feral cats

Spatial ecology meets eradication of feral cats on Auckland Island

Restoration initiatives of ecosystems transformed by human actions require optimisation of eradication measures of introduced species, particularly in fragile insular ecosystems. We studied aspects of the spatial ecology of introduced feral cats (Felis catus) on subantarctic Auckland Island of New Zealand to assist eradication efforts of pests from this remote, biologically rich island. Firstly, we estimated home range sizes and identified core areas of activity based on movement-rooted dynamic Brownian bridge models.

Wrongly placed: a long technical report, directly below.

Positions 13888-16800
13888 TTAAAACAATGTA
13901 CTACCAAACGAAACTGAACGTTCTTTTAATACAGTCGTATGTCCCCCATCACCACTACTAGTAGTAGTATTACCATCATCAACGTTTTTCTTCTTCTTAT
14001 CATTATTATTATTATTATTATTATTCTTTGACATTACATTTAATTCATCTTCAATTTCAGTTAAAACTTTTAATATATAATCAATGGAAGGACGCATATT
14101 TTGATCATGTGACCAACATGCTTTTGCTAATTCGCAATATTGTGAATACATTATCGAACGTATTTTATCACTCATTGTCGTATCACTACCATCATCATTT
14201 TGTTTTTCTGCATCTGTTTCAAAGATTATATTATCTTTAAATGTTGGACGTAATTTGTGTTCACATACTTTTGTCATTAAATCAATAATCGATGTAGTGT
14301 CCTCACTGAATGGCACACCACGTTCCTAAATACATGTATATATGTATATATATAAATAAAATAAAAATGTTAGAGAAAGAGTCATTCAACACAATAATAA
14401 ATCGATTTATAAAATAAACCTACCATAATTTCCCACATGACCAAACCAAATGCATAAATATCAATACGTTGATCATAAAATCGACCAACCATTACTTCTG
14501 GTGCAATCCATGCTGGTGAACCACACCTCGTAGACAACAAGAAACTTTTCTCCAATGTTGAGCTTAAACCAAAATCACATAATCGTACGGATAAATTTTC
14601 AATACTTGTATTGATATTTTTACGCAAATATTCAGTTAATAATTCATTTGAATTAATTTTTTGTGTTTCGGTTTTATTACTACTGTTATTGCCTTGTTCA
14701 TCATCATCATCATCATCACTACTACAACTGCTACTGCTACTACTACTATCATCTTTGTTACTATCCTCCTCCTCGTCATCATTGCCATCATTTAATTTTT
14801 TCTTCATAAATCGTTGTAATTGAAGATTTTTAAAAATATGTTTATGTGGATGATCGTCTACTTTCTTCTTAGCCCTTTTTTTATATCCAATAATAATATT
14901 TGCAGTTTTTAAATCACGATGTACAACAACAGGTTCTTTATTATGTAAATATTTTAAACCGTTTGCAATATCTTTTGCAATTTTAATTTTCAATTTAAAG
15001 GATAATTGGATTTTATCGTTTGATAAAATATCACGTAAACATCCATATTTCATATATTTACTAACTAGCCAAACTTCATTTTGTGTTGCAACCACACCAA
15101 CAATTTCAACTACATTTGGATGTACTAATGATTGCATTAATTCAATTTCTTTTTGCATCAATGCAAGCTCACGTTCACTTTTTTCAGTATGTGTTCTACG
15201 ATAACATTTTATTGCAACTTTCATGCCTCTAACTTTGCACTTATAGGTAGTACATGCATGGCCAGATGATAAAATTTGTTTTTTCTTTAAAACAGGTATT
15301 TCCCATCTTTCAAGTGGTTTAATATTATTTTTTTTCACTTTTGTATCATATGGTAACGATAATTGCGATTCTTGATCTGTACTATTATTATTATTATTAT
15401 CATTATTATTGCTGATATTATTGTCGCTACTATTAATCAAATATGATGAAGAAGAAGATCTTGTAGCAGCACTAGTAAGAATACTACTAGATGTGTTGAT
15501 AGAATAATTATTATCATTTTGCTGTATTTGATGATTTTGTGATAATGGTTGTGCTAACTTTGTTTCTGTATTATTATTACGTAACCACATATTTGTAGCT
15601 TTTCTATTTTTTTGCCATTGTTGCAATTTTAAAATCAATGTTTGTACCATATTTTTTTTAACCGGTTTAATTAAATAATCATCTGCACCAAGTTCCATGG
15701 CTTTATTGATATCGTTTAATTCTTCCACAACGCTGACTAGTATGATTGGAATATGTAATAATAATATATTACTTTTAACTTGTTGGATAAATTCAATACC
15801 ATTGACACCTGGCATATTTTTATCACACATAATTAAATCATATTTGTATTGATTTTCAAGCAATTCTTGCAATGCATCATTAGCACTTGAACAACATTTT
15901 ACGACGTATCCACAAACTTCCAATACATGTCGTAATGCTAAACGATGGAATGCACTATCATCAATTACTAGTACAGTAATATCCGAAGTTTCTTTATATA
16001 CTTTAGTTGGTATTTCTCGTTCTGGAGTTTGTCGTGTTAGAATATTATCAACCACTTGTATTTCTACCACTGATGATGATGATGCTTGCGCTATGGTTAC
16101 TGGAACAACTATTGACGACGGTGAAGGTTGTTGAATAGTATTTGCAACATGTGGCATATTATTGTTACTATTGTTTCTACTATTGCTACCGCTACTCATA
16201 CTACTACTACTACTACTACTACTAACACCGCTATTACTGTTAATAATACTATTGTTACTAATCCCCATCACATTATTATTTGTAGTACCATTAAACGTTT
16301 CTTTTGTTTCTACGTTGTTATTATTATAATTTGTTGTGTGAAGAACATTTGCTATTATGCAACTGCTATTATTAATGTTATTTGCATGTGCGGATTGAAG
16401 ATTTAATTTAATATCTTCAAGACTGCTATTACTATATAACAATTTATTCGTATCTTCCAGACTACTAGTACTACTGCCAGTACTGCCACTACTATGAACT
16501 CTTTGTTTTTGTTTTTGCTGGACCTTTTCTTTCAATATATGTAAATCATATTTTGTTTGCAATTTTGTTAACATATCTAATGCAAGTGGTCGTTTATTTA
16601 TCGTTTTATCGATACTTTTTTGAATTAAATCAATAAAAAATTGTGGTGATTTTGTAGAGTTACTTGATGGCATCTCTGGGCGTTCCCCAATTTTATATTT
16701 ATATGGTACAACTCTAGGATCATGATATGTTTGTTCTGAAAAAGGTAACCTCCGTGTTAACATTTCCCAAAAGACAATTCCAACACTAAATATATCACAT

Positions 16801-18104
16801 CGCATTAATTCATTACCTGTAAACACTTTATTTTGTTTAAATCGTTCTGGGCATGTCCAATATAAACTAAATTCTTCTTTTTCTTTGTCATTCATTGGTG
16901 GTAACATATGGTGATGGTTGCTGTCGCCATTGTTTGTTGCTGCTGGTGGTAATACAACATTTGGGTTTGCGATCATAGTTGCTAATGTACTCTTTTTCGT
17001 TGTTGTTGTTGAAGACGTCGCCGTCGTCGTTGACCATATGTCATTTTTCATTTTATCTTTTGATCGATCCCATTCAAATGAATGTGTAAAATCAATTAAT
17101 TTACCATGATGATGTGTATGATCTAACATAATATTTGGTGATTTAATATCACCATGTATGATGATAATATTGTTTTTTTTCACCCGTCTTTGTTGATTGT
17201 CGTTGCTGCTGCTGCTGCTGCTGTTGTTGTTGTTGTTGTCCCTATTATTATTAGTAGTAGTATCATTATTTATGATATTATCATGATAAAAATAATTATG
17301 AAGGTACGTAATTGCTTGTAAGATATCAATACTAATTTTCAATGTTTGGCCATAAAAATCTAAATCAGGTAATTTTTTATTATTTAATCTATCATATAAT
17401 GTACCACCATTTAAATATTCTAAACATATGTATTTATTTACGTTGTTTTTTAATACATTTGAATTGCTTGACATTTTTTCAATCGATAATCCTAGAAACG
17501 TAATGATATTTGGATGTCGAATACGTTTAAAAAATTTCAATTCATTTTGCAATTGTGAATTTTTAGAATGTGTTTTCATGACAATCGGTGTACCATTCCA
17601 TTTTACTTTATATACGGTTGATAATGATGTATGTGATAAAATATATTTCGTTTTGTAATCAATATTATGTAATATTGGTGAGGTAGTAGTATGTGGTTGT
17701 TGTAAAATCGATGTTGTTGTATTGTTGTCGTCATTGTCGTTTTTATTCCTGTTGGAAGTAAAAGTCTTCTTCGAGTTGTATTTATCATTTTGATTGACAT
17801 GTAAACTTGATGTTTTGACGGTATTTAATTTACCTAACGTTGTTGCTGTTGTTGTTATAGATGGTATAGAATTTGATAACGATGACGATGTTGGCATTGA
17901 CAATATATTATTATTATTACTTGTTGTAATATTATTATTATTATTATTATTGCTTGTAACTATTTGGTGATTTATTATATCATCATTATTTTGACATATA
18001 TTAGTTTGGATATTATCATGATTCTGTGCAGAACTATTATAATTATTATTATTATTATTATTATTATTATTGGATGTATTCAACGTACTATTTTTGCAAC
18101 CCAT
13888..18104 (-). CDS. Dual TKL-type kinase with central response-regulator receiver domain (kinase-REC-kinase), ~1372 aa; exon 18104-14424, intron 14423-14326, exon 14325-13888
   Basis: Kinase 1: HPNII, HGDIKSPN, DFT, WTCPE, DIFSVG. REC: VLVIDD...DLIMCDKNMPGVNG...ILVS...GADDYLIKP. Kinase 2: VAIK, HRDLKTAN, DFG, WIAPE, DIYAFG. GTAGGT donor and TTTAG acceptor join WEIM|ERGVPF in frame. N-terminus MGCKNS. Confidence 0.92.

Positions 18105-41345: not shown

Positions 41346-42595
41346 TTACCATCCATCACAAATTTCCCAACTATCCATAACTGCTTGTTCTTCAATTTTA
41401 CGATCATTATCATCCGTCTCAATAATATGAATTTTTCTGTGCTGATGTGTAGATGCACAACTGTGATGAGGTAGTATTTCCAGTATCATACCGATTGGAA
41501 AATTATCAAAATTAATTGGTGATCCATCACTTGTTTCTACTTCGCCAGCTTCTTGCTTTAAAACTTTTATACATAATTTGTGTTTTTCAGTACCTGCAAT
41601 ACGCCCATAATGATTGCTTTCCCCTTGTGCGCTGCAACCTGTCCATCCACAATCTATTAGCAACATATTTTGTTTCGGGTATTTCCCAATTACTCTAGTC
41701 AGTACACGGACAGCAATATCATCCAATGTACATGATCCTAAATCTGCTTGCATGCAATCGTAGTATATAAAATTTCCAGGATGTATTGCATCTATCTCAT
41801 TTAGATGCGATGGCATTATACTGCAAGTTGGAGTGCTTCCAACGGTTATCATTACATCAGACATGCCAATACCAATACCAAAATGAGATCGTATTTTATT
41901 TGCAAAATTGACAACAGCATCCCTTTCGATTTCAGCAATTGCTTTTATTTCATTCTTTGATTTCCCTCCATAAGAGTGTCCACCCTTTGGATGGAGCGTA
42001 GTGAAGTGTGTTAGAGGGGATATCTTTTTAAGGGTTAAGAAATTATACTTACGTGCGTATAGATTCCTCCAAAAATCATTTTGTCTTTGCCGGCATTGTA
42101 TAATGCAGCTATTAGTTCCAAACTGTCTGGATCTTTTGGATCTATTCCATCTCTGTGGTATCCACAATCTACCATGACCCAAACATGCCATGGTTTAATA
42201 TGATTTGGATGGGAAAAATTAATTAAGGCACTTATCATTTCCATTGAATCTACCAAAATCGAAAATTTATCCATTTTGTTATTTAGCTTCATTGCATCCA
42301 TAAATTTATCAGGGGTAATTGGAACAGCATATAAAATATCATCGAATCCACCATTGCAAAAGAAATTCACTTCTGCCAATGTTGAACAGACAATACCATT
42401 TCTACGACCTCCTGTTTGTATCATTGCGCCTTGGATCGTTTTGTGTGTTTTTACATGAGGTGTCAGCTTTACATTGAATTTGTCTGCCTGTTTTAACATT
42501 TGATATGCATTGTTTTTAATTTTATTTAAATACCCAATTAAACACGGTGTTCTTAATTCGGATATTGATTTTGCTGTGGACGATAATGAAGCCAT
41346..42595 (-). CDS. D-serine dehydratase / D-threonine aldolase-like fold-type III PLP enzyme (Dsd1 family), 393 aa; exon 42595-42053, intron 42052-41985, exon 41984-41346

Evaluating the effectiveness of a feral cat control operation using camera traps

Feral cats (Felis catus) have a negative impact on native biodiversity in New Zealand. As such, their populations require careful management and monitoring of the effectiveness of these management operations. We used camera traps to assess (1) effectiveness of an intensive cat control operation, and (2) the level of reinvasion six months later. Cat abundance was estimated on a pastoral property in Hawke’s Bay, North Island, New Zealand, subject to cat control using trapping and shooting.